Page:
What is the worst weather to fly?
Captain Steve Allright leads British Airways’ Flying with Confidence course for nervous fliers and reveals in the fascinating companion book Flying With Confidence: The Proven Program To Fix Your Flying Fears (Random House UK) that this is a question he is often asked by attendees.
To help answer this, in the book he again rates the most potentially dangerous species out of 10 for their ability to cause distraction, based on his own personal experience and distraction stories from colleagues.
Read on for his ranking – ‘the higher the number, the more fuel I carry’.
Plus, there’s more information on flying in bad weather from Air Canada Dreamliner Captain Doug Morris’ book This Is Your Captain Speaking.
Captain Steve Allright teaches British Airways’ Flying with Confidence course for nervous fliers
High temperatures (and/or high altitude airports). Redirect rating – zero out of ten
Captain Allright says, “When the air is very hot it becomes very ‘thin’ and the engines don’t run as efficiently and the wings don’t produce as much lift, the same effect as being at very high altitudes, as in Johannesburg (1753m) .
“We call these airfields ‘hot and high’ and while not dangerous, this combination poses a particular challenge to pilots. We just need a longer runway and we have to take into account the influence of the conditions on the performance of the aircraft.’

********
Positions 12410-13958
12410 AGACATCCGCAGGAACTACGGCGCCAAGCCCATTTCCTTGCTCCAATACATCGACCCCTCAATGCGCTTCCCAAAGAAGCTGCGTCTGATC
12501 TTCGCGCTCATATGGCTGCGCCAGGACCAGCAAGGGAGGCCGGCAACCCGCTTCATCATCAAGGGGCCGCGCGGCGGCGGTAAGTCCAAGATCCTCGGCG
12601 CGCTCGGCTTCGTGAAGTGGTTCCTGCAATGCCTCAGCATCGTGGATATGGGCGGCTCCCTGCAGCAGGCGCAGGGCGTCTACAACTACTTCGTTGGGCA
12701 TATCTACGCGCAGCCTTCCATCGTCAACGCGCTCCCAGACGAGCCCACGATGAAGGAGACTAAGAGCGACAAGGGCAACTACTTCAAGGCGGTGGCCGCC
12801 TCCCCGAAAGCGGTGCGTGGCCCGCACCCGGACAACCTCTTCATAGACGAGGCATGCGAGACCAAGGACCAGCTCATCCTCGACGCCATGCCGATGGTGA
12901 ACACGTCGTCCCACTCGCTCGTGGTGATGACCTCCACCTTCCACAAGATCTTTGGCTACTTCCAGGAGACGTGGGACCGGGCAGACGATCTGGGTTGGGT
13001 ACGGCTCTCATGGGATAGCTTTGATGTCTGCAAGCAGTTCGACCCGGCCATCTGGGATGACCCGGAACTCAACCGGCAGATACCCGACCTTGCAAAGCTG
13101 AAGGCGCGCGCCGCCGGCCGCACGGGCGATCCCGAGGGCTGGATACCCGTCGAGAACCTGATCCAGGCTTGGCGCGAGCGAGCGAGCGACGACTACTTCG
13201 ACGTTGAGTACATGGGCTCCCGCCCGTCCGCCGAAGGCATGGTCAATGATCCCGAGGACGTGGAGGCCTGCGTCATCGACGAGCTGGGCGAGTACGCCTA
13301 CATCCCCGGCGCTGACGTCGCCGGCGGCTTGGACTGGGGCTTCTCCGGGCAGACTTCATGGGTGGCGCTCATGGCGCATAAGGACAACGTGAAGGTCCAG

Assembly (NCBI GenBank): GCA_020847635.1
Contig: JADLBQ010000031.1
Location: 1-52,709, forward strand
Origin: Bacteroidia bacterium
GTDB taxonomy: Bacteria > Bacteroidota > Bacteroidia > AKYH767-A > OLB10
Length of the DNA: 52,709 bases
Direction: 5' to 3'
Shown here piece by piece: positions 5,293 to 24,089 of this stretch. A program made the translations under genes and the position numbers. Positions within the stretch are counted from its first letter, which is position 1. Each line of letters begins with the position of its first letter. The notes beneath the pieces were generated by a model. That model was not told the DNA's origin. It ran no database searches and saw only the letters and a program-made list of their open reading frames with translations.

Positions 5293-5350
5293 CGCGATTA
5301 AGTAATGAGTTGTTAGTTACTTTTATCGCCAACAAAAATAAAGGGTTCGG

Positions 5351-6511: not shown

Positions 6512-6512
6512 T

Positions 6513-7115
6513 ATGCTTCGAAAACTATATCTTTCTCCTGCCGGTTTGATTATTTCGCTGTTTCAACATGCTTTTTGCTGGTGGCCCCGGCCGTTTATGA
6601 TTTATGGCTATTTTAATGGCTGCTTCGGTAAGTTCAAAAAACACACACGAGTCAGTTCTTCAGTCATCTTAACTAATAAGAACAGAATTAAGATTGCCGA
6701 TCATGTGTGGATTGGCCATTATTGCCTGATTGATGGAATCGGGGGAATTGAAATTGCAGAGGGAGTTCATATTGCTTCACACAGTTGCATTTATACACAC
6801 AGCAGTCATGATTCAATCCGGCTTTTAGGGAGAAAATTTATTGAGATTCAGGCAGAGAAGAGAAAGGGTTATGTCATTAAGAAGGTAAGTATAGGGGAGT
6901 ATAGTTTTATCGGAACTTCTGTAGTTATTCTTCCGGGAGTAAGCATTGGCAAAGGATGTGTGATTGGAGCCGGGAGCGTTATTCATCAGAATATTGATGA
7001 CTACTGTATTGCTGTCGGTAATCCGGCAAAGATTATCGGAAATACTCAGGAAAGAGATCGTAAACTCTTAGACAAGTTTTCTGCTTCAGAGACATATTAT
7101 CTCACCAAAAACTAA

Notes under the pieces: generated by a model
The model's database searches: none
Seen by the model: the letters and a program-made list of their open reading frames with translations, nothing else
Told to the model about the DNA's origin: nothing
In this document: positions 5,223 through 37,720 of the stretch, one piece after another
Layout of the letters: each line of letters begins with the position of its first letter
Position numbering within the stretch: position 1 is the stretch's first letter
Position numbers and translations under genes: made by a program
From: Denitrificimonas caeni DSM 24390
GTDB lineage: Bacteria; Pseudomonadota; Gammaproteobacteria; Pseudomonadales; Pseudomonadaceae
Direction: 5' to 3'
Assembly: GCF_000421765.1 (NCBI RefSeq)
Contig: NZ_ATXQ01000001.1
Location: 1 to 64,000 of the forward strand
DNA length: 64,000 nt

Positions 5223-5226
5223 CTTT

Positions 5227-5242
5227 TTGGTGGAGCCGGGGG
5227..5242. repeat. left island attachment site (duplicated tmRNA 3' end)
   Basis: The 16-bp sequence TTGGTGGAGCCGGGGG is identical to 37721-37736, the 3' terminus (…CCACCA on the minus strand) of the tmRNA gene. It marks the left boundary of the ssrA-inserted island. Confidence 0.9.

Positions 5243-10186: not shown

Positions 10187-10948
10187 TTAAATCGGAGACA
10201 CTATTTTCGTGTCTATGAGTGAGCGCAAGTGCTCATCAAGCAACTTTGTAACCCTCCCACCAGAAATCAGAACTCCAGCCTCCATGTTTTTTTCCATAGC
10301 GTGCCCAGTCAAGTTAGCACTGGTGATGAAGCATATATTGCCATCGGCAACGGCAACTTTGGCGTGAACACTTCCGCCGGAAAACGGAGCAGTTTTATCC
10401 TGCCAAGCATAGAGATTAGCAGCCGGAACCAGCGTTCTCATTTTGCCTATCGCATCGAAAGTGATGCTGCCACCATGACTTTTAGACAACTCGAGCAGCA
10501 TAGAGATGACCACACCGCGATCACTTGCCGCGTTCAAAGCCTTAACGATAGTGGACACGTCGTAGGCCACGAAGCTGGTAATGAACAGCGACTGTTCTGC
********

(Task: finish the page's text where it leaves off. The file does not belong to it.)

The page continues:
Captain Doug Morris goes on to explain that takeoff speeds are higher in these conditions, with pilots sometimes reducing weight – fewer passengers and less cargo – to ensure the plane takes to the air safely.
He writes: “Many airlines in the Middle East operate most of their flights in the wee hours of the night as temperatures are somewhat cooler. Fortunately for them, most airports are at sea level.’
Because of their high altitude, Captain Morris adds, Denver (5,434 ft/1,656 m) and Calgary (3,556 ft/1,083 m) have some of the longest airstrips in North America.
Fly with Confidence – The proven program to overcome your fear of flying (Random House UK) is now available
Ice. Redirect score – one out of 10
Captain Allright says, “There are two effects of ice, one on the ground and one in the air. To take off safely, the upper surface of the wing must be free of ice. For this reason, aircraft are regularly de-iced in the morning after frost and before each take-off. In the air, it is possible for ice to build up on the wings, usually at the leading edge, during flight through clouds when the air temperature is around freezing.